Sep 23, 2010
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coapman said:
Rowers have no difficulty making maximal use of their weaker arms and stronger legs.
Yes, because they don't use them at the same time. When the legs are working the arms are (or should be) straight. When the arms (and back) are working the legs are (or should be) straight. The only part of the arm muscles that should be contracting when the legs are contracting is the fingers to grasp the oar. I don't think anyone would suggest the fingers generate any power (or, maybe someone would, it is the internet afterall) even though they are necessary to transmit the power generated by the legs, arms, etc.
 
FrankDay said:
Another effort to "improve the bicycle" which will, most likely, fail. This product is trying to do what Rotor cranks does just in a different way. If anyone thinks this product might really work they don't understand how muscles work. If there will be a benefit it will be small. The best way to get better is to improve the cyclist! Hence, why we train and why this thread.
Actually he is not trying to anything at all like Rotor. Rotor cranks stay at crank length the entire cycle. As all cranks do. These pedals are trying to keep hip angle open more at the top of the cycle.
 
Sep 23, 2010
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veganrob said:
Actually he is not trying to anything at all like Rotor. Rotor cranks stay at crank length the entire cycle. As all cranks do. These pedals are trying to keep hip angle open more at the top of the cycle.
The hip angle is the same (or minimally different) at the top of the cycle. It is probably narrowing the hip angle at TDC because TDC is now moved forward 30 mm so the lower leg will be closer to vertical at TDC. What they are trying to do is to make the crank longer on the downstroke for more leverage. Both Rotor and these cranks are trying to maximize the work done on the downstroke and minimize the "losses" on the upstroke. Rotor does it my slowing the pedal speed on the downstroke and increasing it on the upstroke. This adapter does it by lengthening the crank on the downstroke (for more leverage/torque) and shortening it on the upstroke. Neither Rotor or this crank adapter cares what is going on the top or bottom.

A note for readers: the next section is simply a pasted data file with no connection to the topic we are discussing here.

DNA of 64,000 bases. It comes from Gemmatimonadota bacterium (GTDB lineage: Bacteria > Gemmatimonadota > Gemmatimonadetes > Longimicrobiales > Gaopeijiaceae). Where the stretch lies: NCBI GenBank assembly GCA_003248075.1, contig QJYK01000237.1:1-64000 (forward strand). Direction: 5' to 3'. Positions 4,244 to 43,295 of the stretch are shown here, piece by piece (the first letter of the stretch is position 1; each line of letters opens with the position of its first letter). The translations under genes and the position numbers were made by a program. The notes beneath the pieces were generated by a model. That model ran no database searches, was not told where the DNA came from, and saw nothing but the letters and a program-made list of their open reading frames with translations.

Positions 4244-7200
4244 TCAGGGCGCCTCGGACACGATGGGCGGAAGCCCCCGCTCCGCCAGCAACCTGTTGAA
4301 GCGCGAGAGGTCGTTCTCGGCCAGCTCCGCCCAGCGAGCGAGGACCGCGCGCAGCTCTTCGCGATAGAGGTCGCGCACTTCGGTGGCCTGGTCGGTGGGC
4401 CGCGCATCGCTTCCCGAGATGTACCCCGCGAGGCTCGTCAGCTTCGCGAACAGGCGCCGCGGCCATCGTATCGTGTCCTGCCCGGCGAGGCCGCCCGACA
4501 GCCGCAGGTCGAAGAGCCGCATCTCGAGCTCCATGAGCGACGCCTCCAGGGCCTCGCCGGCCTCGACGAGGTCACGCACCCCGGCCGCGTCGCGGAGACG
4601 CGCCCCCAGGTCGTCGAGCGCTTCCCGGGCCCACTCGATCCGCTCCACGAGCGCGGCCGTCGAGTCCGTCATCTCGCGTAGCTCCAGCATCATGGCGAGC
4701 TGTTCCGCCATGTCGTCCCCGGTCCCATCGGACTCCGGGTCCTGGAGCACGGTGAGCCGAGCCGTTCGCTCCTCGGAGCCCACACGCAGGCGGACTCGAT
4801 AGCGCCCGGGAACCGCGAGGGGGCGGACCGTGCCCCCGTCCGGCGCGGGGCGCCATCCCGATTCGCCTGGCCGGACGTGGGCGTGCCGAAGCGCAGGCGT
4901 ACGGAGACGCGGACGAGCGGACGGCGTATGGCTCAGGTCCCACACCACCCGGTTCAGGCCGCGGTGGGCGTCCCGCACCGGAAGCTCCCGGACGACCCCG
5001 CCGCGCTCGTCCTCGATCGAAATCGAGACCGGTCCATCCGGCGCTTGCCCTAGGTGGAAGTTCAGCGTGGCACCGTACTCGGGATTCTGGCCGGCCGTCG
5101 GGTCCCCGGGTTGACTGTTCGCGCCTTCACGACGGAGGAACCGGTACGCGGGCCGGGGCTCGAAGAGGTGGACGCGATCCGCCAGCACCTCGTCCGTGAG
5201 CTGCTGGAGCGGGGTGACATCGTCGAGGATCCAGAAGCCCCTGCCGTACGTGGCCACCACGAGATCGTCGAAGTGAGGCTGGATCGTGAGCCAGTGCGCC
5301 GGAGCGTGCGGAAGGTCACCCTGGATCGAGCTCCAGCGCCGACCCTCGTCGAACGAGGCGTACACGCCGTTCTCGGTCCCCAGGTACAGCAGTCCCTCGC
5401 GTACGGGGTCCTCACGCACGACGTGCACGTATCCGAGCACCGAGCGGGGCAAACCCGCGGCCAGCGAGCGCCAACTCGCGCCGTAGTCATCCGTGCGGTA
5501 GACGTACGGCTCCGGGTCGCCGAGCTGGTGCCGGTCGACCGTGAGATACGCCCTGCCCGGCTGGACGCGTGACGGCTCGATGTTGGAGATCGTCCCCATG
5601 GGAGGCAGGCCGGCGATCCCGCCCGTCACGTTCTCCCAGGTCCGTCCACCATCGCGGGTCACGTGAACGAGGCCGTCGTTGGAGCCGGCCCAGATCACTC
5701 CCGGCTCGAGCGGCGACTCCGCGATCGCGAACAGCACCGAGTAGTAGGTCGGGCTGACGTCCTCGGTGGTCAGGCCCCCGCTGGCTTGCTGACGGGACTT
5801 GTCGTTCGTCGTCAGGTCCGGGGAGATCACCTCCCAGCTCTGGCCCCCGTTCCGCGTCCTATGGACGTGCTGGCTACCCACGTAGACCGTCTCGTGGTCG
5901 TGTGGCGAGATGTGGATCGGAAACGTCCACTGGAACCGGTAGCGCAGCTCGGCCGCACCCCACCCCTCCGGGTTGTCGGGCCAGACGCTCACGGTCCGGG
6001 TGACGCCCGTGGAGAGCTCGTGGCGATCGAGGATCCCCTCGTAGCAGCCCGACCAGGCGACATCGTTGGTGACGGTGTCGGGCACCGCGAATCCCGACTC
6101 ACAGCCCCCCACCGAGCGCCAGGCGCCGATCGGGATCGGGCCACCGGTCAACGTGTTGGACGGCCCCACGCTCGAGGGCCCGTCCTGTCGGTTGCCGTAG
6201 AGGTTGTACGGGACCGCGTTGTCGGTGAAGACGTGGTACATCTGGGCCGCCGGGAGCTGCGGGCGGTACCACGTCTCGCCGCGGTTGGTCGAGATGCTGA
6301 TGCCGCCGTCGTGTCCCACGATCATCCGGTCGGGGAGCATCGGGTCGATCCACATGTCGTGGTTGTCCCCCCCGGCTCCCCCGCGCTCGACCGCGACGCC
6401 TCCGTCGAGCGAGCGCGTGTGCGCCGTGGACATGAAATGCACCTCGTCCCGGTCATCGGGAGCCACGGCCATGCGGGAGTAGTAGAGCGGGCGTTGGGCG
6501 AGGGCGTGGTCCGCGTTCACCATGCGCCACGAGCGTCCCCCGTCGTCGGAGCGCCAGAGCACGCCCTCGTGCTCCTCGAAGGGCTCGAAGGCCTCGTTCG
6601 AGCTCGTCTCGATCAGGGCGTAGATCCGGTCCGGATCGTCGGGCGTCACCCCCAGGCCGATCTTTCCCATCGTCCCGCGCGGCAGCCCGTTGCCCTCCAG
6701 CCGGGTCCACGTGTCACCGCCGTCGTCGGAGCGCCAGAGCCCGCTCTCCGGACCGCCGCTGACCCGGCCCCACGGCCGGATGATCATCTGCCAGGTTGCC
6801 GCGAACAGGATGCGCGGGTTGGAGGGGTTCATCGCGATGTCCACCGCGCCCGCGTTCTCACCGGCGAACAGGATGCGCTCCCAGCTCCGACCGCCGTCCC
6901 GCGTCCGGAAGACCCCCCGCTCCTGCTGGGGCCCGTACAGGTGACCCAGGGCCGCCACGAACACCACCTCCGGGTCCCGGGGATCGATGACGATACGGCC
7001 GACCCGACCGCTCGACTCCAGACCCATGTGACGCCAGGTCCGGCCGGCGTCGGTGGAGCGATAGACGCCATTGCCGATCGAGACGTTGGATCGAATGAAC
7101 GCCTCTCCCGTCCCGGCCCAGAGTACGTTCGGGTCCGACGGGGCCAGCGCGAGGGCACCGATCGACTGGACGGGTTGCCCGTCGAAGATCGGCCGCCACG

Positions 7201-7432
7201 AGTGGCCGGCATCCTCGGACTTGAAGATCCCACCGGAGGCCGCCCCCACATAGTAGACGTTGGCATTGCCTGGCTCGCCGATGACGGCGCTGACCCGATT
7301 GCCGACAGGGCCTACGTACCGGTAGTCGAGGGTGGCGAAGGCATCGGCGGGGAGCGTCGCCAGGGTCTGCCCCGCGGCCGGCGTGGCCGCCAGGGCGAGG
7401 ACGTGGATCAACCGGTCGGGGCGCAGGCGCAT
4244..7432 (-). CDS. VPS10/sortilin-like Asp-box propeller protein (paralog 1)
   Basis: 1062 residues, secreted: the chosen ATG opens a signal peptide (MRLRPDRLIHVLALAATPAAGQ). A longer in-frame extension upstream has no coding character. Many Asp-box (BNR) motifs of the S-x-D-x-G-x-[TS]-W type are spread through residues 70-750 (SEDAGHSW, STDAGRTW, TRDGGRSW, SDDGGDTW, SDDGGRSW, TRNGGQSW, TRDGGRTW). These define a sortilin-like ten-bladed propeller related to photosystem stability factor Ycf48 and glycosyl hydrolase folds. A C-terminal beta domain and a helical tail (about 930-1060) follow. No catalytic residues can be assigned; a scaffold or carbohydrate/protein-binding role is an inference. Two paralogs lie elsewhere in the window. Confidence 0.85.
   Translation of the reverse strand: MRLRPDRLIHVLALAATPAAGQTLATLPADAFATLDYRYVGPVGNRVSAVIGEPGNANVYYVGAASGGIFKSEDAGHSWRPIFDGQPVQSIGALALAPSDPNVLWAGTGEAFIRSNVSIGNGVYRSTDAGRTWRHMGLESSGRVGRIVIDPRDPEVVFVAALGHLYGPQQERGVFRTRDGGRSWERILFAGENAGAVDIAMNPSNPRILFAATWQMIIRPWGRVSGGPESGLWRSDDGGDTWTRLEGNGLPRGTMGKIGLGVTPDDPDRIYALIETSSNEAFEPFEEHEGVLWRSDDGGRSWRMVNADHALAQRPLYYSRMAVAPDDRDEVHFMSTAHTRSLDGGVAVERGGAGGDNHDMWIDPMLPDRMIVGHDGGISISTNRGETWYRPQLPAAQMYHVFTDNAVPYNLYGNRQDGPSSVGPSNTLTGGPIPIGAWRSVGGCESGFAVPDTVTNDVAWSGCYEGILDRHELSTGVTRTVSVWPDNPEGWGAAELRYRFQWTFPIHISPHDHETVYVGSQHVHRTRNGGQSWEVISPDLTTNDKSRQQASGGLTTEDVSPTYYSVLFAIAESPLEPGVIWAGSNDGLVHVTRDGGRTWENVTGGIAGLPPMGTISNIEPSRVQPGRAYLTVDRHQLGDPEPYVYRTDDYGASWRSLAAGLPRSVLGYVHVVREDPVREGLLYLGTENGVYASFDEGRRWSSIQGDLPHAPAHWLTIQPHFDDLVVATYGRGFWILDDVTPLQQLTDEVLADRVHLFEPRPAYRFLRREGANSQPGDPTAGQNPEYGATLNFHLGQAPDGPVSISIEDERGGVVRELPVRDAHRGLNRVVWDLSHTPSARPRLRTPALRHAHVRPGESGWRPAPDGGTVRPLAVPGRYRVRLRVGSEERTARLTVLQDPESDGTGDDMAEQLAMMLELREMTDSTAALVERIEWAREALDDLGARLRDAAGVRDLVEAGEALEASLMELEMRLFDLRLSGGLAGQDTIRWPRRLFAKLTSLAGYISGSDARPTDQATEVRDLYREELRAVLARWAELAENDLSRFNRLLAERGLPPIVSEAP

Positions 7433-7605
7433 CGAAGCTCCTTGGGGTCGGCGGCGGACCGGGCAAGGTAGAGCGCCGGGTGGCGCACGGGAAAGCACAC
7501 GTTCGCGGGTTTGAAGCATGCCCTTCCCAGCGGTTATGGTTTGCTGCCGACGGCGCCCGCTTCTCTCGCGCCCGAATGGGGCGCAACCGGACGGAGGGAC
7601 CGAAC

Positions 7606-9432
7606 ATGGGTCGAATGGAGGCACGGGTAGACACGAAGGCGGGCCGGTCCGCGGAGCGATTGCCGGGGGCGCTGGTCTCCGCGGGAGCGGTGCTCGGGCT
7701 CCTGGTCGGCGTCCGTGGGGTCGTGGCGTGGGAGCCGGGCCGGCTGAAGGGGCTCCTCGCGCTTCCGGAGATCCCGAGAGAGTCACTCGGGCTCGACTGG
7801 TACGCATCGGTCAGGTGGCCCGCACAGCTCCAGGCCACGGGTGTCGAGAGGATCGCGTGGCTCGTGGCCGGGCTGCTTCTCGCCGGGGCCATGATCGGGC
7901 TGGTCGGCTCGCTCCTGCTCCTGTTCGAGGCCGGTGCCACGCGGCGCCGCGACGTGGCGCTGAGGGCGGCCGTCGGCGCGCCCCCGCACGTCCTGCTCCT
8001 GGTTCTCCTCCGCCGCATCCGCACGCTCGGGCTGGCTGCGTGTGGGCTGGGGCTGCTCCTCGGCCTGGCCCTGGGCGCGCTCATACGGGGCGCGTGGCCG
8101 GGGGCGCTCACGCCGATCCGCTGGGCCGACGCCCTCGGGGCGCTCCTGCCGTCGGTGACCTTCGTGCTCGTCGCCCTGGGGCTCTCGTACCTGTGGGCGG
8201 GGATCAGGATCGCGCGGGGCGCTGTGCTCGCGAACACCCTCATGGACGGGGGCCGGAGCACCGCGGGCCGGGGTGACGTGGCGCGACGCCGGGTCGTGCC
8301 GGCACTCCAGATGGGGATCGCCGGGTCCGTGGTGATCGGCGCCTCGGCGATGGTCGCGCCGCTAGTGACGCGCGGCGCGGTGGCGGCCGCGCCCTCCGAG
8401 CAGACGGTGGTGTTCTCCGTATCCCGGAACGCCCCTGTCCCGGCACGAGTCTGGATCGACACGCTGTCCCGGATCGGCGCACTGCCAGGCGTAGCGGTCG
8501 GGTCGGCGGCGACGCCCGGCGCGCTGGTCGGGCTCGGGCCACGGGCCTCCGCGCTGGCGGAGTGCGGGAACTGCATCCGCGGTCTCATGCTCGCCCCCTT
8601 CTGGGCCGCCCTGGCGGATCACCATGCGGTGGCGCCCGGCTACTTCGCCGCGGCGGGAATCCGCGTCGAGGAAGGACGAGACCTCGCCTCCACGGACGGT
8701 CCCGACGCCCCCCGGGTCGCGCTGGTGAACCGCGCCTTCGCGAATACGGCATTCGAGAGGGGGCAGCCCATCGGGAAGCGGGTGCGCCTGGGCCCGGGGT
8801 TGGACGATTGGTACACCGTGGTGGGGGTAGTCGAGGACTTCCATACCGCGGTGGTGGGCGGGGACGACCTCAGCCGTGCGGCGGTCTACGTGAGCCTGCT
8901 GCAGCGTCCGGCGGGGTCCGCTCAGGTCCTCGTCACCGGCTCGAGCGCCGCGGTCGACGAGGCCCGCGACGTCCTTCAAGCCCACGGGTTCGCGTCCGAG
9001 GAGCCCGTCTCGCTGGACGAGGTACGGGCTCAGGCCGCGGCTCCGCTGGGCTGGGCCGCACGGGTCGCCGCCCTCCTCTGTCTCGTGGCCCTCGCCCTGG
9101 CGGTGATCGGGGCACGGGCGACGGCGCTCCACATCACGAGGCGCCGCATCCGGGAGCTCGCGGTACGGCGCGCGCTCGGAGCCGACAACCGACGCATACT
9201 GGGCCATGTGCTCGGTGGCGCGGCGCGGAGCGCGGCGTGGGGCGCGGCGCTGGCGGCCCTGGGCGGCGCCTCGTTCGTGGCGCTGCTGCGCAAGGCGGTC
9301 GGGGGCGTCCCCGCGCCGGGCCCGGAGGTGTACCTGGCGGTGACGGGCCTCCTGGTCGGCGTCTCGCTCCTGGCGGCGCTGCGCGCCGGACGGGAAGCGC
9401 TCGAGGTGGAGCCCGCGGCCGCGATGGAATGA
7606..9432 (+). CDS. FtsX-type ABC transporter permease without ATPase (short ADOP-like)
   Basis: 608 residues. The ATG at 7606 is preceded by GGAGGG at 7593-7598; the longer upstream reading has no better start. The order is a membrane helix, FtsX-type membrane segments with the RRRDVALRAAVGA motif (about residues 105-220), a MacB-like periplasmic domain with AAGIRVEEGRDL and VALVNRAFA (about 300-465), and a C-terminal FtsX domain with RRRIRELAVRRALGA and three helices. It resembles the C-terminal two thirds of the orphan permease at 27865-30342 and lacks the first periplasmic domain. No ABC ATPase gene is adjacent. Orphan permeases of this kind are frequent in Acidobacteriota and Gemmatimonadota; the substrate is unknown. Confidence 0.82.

Didn't you find it just a bit funny that the reviewer reported this crank adapter slowed him down considerably? Of course, that could, perhaps, be explained by the fact this crank adapter really screws up the bike fit. Why don't you get a pair and report back to everyone?
 
FrankDay said:
The hip angle is the same (or minimally different) at the top of the cycle. It is probably narrowing the hip angle at TDC because TDC is now moved forward 30 mm so the lower leg will be closer to vertical at TDC. What they are trying to do is to make the crank longer on the downstroke for more leverage. Both Rotor and these cranks are trying to maximize the work done on the downstroke and minimize the "losses" on the upstroke. Rotor does it my slowing the pedal speed on the downstroke and increasing it on the upstroke. This adapter does it by lengthening the crank on the downstroke (for more leverage/torque) and shortening it on the upstroke. Neither Rotor or this crank adapter cares what is going on the top or bottom.

Didn't you find it just a bit funny that the reviewer reported this crank adapter slowed him down considerably? Of course, that could, perhaps, be explained by the fact this crank adapter really screws up the bike fit. Why don't you get a pair and report back to everyone?
Yes, it is very odd that he was slower. lol. I think his idea is not coming out like he originally thought it would. If that makes any sense.